The Truth About Chronic Pain


“Books For A Better Life” Award Finalist!

There is a saying among motorcycle aficionados that there are three kinds of riders going down again. Pain and loss, if not agony and death, are inevitable consequences of perching atop two small patches of rubber at speed, yet thousands of motorcyclists rack up millions of miles every year. If you ask a biker about the trauma he is someday likely to face, he will probably tell you that pain is a part of life, and that since there is no getting away from it, he might as well enjoy himself until it arrives. Riding a motorcycle may be stacking the odds, but the fact remains that all that differentiates a healthy, pain-free person from a person in chronic pain is age, exposure to a toxin, a pathogen, an act of terror, or, as in Greek tragedies and the aboriginal world, the venom-filled fangs of a snake in the grass.

If pleasure and pain are the twin poles of human experience, and if, as many behaviorists argue, we are driven toward pleasure and away from pain, we ought to have the right to live according to this biological imperative and be as pain free as nature intended. Yet while food stamps assure our right to eat and homeless shelters assure our right to a roof over our heads, nothing in the United States today certifies for us the right to live free from controllable chronic pain. Indeed, chronic pain has reached epidemic proportions in our country: estimates range from 25 million sufferers to 75 million. Unlike the acute pain of a motorcycle accident, or the pain that comes from cancer or AIDS, much chronic pain derives from conditions that are less dramatic, less familiar, and less well understood. Chronic pain may show with a grimace, a cane, a bottle of pills, a short temper, or, in the case of the devout Stoic, it may not show at all. Whatever the exterior landscape reveals, however, the interior landscape of the chronic pain sufferer is barren of self-confidence, enthusiasm, relationships, personality, identity, and ultimately the tiniest shred of joy.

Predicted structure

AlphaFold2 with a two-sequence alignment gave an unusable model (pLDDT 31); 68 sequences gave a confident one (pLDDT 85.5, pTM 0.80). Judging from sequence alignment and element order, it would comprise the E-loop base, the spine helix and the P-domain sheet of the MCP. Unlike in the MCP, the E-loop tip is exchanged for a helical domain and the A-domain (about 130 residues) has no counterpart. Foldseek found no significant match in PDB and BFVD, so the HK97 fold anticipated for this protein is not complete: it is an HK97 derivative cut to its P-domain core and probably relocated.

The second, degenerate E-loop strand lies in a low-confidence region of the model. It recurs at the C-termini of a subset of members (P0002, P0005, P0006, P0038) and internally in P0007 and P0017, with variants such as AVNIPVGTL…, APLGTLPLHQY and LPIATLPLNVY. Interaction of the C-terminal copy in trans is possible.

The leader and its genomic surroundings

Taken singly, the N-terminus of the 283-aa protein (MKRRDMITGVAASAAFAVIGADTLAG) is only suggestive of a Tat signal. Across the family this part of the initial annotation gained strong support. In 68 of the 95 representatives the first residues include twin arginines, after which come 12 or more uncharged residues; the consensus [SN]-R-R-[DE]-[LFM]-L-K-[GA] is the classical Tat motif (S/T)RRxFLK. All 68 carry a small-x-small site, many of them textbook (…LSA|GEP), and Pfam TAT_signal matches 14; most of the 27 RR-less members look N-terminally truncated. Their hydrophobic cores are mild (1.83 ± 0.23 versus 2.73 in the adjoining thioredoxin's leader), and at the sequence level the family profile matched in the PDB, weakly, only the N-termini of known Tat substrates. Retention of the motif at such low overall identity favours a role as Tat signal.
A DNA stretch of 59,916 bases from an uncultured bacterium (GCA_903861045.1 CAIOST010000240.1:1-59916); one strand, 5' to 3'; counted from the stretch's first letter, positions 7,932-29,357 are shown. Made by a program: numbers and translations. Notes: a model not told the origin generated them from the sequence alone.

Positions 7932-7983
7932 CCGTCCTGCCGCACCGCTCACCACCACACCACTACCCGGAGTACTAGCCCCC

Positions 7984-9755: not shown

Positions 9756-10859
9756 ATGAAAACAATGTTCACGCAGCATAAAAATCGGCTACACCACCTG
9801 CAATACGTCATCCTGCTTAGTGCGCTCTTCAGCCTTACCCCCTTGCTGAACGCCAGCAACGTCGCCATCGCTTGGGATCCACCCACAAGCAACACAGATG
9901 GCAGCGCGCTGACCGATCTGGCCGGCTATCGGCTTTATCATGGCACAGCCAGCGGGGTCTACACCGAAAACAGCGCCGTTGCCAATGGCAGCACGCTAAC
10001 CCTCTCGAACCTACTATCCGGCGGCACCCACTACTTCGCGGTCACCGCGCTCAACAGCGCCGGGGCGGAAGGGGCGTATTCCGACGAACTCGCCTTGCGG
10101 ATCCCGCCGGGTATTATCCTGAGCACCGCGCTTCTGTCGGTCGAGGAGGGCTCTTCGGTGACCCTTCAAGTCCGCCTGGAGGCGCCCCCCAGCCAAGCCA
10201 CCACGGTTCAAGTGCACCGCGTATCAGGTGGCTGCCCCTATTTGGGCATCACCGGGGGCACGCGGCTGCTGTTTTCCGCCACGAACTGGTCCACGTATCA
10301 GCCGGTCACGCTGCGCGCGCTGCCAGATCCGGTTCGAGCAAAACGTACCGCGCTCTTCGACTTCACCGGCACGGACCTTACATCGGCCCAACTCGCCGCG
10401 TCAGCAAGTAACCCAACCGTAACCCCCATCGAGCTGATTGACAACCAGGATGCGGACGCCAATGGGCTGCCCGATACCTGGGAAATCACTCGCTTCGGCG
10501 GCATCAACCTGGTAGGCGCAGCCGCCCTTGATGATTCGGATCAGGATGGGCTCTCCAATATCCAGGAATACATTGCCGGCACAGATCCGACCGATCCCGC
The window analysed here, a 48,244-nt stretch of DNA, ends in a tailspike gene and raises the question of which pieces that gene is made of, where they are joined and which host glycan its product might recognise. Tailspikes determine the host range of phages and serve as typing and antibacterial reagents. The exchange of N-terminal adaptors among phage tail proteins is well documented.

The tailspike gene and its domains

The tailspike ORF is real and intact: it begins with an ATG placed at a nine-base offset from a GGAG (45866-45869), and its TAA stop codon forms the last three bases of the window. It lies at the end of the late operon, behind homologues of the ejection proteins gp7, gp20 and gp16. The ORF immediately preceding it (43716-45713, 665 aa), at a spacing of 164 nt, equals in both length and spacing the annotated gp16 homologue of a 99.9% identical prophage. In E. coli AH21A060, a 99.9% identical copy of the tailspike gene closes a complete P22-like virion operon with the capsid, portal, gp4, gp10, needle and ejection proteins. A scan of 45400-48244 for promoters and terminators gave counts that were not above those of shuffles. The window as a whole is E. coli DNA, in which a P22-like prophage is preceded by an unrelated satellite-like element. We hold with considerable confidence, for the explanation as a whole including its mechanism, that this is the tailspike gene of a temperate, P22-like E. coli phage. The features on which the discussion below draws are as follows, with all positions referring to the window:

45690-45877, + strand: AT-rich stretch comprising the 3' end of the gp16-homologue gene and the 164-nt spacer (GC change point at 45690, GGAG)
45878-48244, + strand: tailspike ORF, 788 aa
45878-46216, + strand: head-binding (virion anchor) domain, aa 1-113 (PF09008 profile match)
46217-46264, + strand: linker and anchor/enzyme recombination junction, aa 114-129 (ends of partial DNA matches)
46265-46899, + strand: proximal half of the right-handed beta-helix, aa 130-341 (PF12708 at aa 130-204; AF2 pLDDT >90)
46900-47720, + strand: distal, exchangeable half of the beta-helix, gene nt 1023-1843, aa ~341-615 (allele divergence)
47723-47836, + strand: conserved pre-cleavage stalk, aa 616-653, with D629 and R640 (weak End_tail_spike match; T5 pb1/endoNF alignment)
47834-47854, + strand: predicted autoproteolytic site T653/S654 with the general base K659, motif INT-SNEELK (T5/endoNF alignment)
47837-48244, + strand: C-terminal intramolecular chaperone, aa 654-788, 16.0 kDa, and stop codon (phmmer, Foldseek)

As you read this, you can be certain that someone in your own personal universe is in chronic pain. It may be someone whose life only grazes your own, or it may be someone who shares your toothbrush. The cause may be trauma, cancer, diabetes, an autoimmune or inflammatory condition, or one of myriad degenerative diseases of aging, but the stunning fact is that even though most of this pain can be eliminated or greatly reduced, it is not. Despite the fact that we live in the most affluent and technologically advanced nation in the history of the world, millions of people continue to suffer for no good reason at all.

Pain is a part of life, and in this engrossing book Rosenfeld, an author and journalist, provides a forum for discussing all aspects of managing it. In more than 40 interviews, he allows patients, caregivers, educators, legislators, enforcers, and clergy to speak out on the medical, ethical, moral, religious, legal, cultural, and fundamental, life-consuming reality of chronic pain. As growing scientific evidence suggests that controlling patients’ pain improves their medical outcome, the Joint Commission on Accreditation of Healthcare Organizations has issued new standards for pain assessment and management by adding pain as a fifth vital sign (after heart rate, blood pressure, temperature, and respiration) to the medical record. Treatment of chronic pain challenges medicine to overcome many barriers, and this excellent book presents intelligent, professional, and compassionate answers from experts. For all health collections.

James Swanton, Harlem Hosp. Lib., New York Copyright 2003 Reed Business Information

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A revealing look at the war on chronic pain, told in the words of pain sufferers and those who treat them.

Chronic Pain couldn’t be timelier considering how the United States is finally waking up to the issues that millions of Americans suffer from every day. Even though I first read this book as a review book, I had no idea how validating it would be to me personally. Furthermore, I learned quite a few things.